Don Cornelius.jpgDon Cornelius passed away on February 1st from a gunshot wound to the head. The host of “Soul Train” is being remembered by music legend Kenneth Gamble. “I’m sad to hear of his passing. He was such a wonderful person and an American icon,” he said. Gamble, along with partners Leon Huff and Thom Bell, was responsible for discovering and nurturing numerous R&B and soul performers while running their Philadelphia International Records label in the 1970s and ’80s. Gamble remembers his friend Cornelius in an interview with the LA Times

He talks about what the show did for the African American community. “Don Cornelius’ ‘Soul Train’ made a great contribution to American
culture. It came directly from the African American community. It was
more than TV dance show; it was a source of pride and dignity for
African American community. There were hardly any venues at that time,
especially on TV, that would give African American artists any exposure,
including ‘[American] Bandstand.'”

“‘Soul Train’ not only became a community — something that gave the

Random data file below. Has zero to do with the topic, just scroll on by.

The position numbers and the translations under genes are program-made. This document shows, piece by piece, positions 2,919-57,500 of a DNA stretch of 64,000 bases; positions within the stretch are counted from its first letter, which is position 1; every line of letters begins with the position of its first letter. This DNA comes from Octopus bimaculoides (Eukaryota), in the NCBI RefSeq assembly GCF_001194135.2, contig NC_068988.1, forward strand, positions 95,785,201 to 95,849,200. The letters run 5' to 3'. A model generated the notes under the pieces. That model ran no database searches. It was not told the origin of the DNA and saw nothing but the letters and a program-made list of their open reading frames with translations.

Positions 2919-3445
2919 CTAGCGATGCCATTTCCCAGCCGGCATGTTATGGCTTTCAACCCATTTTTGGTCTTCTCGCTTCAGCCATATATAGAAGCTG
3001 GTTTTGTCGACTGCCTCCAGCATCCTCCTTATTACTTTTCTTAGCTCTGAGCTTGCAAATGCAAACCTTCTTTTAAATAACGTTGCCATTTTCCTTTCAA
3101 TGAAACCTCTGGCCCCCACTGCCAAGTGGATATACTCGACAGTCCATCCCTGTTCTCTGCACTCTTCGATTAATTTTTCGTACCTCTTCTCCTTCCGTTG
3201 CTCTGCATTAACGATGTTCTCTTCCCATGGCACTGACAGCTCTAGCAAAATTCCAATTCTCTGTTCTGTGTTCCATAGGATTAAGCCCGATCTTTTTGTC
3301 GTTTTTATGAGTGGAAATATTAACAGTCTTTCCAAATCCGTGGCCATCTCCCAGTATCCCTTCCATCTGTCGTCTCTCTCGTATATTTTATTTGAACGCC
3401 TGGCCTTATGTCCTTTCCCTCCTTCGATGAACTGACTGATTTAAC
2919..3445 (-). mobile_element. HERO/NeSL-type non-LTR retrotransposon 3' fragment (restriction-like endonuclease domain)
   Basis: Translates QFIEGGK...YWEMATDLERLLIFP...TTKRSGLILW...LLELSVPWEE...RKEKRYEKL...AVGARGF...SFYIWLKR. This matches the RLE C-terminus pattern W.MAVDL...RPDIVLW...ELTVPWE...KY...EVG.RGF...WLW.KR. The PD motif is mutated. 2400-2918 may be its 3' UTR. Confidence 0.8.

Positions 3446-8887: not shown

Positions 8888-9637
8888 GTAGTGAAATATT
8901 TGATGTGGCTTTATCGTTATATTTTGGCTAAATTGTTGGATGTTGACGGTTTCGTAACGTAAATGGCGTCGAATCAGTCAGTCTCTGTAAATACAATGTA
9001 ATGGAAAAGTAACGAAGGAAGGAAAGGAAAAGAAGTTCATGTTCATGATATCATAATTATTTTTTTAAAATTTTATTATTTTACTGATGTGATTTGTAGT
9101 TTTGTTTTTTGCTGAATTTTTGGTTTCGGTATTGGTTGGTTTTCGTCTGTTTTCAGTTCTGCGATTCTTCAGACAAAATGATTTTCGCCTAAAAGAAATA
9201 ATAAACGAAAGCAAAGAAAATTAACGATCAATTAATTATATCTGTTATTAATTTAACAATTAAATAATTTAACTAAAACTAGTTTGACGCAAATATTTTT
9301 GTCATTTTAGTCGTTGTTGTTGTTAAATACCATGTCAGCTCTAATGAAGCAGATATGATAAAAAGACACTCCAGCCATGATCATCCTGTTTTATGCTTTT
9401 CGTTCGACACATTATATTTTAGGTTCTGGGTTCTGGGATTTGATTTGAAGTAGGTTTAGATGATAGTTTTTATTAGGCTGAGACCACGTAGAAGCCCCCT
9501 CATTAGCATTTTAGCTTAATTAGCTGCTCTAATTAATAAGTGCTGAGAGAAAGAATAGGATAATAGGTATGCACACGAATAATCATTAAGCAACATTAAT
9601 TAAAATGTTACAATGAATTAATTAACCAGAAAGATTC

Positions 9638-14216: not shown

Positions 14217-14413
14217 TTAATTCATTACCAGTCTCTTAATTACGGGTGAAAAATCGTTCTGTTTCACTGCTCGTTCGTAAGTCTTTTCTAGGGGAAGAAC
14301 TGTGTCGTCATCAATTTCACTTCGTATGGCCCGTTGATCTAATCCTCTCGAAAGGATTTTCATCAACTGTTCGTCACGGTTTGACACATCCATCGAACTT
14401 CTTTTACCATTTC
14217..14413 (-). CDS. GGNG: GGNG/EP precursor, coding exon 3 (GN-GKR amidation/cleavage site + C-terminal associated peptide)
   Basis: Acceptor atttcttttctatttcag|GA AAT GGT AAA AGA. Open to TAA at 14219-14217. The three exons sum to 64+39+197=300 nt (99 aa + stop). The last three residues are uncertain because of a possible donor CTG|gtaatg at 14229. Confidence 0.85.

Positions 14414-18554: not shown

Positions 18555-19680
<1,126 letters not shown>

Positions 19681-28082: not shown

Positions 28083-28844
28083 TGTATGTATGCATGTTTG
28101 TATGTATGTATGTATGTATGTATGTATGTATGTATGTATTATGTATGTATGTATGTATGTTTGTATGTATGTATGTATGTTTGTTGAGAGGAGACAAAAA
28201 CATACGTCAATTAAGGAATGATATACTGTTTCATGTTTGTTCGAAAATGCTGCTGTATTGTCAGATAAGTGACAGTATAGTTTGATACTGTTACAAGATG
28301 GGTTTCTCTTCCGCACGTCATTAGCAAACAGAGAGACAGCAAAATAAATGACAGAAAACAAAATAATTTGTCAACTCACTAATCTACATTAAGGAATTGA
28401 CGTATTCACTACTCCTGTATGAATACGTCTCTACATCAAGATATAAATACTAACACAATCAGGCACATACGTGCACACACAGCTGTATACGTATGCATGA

African American community a lot of pride — but it became a strong
economic engine for the total music industry,” he continues. “It got so popular that
artists like Elton John and David Bowie and the Bee Gees wanted to be on
‘Soul Train.’ By that time it had gone far beyond the color barrier
this country has embraced for so long.”

“It was a moment in time,” he says. “A moment that comes around every now and
then, when someone has a vision. Don Cornelius had a vision and the
talent to put together an idea that was timely and able to capture the
imagination of the whole world.”

He concludes, “He was a great man, a humble man, and a very giving man. I pray for
him. When I think of him, I think of fun times. Those were fun times in

Posted by:jbusch